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“All People Were Barbarians To The Askari ...”: Askari Identity And Honor In The Maji Maji War, 1905–1907

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Chapter Summary

In the history of colonial warfare in East Africa, the Maji Maji conflict represented an intensification of tactics and strategies that had already been applied by the German Schutztruppe during the previous fifteen years in the conquest of German East Africa. This chapter attempts a deconstruction of the askari as mercenary, and investigates the content of the term mercenary as it applies to them. Many askari considered themselves Muslim. Contemporary observers, including missionaries, government officials, Schutztruppe officers and scholars, noted that Islam was a key element of being askari. Another key feature of askari culture and identity was their role as family men.Most askari had wives or women companions who were as important a part of askari culture and the colonial military as the askari themselves.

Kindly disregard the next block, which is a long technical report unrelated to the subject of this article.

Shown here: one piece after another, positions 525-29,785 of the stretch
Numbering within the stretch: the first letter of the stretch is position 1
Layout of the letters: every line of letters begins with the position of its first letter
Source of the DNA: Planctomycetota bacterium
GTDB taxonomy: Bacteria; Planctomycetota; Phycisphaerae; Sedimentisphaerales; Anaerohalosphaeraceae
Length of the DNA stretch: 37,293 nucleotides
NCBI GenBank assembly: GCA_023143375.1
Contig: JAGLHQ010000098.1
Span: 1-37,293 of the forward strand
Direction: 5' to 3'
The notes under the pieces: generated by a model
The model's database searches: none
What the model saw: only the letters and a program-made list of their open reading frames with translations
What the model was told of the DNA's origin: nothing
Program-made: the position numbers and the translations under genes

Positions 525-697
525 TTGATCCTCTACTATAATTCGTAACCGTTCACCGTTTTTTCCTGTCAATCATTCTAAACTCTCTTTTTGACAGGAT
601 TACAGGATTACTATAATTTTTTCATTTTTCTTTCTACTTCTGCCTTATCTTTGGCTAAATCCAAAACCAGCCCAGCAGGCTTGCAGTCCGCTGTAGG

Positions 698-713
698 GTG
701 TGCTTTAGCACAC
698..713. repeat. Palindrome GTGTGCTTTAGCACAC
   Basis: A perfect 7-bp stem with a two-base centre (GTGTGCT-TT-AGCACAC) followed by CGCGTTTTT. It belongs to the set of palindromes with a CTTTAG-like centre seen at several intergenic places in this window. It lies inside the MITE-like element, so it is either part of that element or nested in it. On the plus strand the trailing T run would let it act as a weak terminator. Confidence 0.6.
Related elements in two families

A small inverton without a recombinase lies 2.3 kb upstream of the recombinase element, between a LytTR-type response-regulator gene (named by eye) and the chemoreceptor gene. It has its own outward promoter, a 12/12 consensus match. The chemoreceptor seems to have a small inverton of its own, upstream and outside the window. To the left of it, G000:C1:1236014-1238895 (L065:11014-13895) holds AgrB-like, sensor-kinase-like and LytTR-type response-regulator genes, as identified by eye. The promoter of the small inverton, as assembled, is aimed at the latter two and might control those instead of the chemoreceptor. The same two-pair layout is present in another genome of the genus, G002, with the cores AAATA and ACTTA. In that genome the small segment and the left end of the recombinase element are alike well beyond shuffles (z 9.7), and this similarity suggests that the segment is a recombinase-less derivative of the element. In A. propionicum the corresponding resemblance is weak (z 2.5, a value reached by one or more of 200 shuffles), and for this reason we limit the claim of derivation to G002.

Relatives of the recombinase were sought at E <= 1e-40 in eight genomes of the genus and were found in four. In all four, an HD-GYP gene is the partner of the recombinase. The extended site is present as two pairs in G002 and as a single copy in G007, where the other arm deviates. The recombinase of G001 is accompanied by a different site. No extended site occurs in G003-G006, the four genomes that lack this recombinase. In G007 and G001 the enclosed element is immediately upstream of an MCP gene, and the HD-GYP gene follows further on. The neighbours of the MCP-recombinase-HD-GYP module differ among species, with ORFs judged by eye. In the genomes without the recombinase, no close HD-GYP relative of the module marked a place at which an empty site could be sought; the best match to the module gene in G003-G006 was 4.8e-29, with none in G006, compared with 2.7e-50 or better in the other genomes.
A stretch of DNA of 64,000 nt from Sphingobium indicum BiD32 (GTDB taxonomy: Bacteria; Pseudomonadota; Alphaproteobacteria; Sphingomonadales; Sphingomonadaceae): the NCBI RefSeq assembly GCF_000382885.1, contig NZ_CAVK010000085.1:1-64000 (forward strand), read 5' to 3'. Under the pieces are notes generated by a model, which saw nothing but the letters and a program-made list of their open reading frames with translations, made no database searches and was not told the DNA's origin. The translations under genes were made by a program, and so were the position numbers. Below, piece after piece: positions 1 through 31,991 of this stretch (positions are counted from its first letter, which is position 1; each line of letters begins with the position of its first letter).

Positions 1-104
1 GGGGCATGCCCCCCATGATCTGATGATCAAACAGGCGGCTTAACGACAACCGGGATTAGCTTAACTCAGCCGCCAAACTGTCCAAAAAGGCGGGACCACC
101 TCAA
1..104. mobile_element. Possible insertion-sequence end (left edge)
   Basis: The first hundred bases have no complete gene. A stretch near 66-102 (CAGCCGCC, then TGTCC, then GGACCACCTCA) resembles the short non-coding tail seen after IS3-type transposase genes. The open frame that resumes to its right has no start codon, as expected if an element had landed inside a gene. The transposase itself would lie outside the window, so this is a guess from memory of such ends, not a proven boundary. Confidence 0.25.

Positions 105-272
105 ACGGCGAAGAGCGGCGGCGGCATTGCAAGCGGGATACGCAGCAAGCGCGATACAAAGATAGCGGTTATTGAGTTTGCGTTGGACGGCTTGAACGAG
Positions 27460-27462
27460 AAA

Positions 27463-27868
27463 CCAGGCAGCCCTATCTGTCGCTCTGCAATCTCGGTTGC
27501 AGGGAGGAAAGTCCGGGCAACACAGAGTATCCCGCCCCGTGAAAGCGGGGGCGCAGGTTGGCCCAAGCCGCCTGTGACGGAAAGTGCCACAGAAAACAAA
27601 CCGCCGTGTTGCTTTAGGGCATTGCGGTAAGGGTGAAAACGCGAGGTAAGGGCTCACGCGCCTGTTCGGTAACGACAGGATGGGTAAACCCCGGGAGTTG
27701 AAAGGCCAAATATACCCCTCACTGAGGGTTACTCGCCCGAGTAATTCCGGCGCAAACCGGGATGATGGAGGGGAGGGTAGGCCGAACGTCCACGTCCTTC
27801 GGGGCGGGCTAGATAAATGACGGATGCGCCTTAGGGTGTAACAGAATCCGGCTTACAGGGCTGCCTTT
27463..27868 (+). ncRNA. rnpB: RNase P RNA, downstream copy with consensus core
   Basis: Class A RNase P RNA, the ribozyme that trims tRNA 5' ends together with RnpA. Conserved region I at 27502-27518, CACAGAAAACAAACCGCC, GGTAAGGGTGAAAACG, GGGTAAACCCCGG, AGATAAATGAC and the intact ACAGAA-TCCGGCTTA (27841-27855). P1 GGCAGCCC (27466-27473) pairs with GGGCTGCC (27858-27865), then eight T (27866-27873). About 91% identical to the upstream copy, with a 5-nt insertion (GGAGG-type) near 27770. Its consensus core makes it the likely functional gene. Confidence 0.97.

Keywords: askari ; German East Africa; German Schutztruppe; Maji Maji war; Muslim

10.1163/ej.9789004183421.i-325.36
/content/books/10.1163/ej.9789004183421.i-325.36
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